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Tuesday, 4 May 1971


Senator COTTON (New South WalesMinister for Civil Aviation) - That refers to the expenditure on the Avalon airport. This was referred to in a speech in the Senate by Senator Rae, and, as it has now been raised by Senator Wilkinson, I think probably the comment that I have here will be useful to Senator Rae and the Senate and. indeed, to Senator Wilkinson as well. Senator Rae, in speaking about this matter, which was of concern to me as well, quoted from the Public Works Committee report in noting that the Committee felt that more efficient planning by the Department of Civil Aviation would have given more time for the Committee to better scrutinise the proposals, that in rushing such a project there must be some penalties in terms of higher construction costs, and that the Department appeared to be indifferent towards the requirements of the Public Works Committee.

Senator Raewent on to ask, in effect, why the Department was unable to include the $6.4m in the 1970-71 Budget presented to Parliament in September 1970 when in fact it was able to go to the Public Works Committee with the same information in September 1970. Senator Rae asked what was being done to avoid a repetition. The Boeing company decided to go ahead with the Boeing 747 development in 1966. In 1*967 it was decided that Qantas Airways Ltd should acquire the jumbo jet, and in 1968 the Department decided to extend the north/ south runway No. 5 at Sydney (Kingsford-Smith) Airport to 13,000 feet. This decision was based on tentative aircraft performance data which was the best then available. The Boeing 747 first flew at the turn of the year 1968-69 and Qantas decided to buy the Boeing 747B some 5 months later. This, in turn, confirmed the runway requirement of 13,000 feet at Kingsford-Smith No. 5.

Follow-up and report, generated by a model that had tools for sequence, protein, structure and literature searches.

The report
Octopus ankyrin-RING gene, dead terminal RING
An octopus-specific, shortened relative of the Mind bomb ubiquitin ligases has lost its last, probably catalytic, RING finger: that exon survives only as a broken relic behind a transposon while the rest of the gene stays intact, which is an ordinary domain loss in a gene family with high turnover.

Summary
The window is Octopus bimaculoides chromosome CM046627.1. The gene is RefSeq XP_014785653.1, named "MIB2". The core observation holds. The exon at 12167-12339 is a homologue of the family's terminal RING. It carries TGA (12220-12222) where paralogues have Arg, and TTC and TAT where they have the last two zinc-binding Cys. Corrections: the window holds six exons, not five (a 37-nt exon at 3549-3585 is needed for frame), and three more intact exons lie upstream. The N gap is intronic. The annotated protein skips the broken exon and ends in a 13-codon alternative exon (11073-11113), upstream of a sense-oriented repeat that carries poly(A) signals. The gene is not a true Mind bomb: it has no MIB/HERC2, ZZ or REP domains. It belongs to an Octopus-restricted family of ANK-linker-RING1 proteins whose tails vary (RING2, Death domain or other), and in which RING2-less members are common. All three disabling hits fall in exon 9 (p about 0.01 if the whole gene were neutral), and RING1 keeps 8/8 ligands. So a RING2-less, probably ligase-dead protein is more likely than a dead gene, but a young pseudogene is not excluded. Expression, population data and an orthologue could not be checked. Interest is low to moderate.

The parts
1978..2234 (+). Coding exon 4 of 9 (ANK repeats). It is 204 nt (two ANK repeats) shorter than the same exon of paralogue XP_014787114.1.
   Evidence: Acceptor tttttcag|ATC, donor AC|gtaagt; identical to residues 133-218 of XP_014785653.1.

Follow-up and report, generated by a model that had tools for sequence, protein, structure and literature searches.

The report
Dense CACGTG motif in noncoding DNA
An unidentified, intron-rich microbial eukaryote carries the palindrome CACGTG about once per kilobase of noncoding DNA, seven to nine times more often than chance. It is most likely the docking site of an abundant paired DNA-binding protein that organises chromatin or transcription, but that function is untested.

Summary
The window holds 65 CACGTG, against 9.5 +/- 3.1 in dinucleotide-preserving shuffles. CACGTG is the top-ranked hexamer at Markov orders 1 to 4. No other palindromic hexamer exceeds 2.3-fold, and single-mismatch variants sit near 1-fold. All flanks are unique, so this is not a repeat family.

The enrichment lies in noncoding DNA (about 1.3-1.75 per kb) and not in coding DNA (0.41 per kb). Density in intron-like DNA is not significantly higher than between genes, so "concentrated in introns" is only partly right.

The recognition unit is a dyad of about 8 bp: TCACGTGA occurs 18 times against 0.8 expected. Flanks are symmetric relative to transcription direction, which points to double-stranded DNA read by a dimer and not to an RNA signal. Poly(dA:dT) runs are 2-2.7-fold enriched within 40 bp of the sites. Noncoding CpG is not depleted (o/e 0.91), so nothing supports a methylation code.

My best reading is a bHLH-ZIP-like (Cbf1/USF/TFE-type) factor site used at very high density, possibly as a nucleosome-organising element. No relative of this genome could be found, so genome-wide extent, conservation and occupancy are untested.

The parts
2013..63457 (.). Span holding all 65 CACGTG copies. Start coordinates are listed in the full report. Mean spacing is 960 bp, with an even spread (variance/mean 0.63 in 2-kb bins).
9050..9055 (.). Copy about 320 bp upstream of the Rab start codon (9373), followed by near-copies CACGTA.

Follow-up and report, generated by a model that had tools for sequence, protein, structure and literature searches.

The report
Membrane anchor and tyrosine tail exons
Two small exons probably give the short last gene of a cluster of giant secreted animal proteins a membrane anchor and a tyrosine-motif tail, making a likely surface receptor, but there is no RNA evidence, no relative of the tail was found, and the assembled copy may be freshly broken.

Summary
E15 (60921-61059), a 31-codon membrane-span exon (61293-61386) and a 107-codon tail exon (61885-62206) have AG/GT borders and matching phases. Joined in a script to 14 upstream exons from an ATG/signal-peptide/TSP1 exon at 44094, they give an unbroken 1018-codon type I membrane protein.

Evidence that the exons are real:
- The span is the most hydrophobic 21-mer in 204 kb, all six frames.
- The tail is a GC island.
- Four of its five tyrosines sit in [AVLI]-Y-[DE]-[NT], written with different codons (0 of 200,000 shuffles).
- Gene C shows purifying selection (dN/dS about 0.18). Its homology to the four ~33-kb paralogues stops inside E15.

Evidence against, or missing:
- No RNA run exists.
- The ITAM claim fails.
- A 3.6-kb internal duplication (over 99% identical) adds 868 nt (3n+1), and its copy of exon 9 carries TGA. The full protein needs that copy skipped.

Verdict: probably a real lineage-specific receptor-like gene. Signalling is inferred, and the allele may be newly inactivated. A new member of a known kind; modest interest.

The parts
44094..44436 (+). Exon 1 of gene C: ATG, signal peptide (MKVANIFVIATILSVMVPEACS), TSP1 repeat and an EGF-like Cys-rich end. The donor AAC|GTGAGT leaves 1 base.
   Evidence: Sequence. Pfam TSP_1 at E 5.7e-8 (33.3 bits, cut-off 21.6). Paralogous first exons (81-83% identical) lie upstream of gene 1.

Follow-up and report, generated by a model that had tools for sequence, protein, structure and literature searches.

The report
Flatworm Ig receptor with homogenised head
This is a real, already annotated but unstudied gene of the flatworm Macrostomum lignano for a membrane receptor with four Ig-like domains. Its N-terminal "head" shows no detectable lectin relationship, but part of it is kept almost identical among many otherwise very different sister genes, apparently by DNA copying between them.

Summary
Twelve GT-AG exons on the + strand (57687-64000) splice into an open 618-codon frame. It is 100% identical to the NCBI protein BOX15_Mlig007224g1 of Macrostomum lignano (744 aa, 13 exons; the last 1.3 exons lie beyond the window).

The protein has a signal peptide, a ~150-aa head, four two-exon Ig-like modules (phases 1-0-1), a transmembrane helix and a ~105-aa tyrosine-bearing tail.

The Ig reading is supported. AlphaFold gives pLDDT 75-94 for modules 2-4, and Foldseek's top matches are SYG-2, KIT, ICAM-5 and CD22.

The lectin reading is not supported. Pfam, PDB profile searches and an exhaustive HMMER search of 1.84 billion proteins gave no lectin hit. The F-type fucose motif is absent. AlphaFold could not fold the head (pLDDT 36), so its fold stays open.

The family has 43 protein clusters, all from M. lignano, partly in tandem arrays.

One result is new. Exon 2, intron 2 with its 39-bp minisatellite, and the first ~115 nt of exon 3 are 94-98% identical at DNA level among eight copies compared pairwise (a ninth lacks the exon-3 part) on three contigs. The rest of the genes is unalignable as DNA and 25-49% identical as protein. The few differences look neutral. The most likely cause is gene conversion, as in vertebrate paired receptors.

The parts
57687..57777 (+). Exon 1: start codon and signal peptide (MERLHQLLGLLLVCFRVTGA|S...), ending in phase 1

After clearing complementary developments at Melbourne (Tullamarine) Airport, the Department then had the problem of determining what was needed for Boeing 747 training at Avalon in the face of certain training techniques. In fact, this information was not forthcoming until a few days before the Department appeared before the Public Works Committee. Up until that time there was an insufficient, pool of practical experience to make a firm decision where very expensive runway construction costs were involved. The Department, to some degree, had to anticipate the requirements in respect of Sydney (Kingsford-Smith) Airport. It was able to act with full confidence insofar as the Melbourne (Tullamarine) Airport later project was concerned, but it had to wait for additional operating experience in order to arrive at the more difficult to define training requirements by September 1970. At the same time, the airport development branch had to prepare for the Boeing 747 at Perth, Darwin, Port Moresby and, in the role of alternate airports, at Learmonth and Adelaide. In parallel with this, the airport development branch has been looking after major projects at Canberra, Sydney (Kingsford-Smith), Brisbane, Kalgoorlie, Learmonth and Lae. I have other notes here about the problems of airport planning and the difficulties of anticipation with the changing of types of aircraft, but they are not relevant. I think what I have said explains to Senators Rae and Wilkinson and to the Senate what this was all about.







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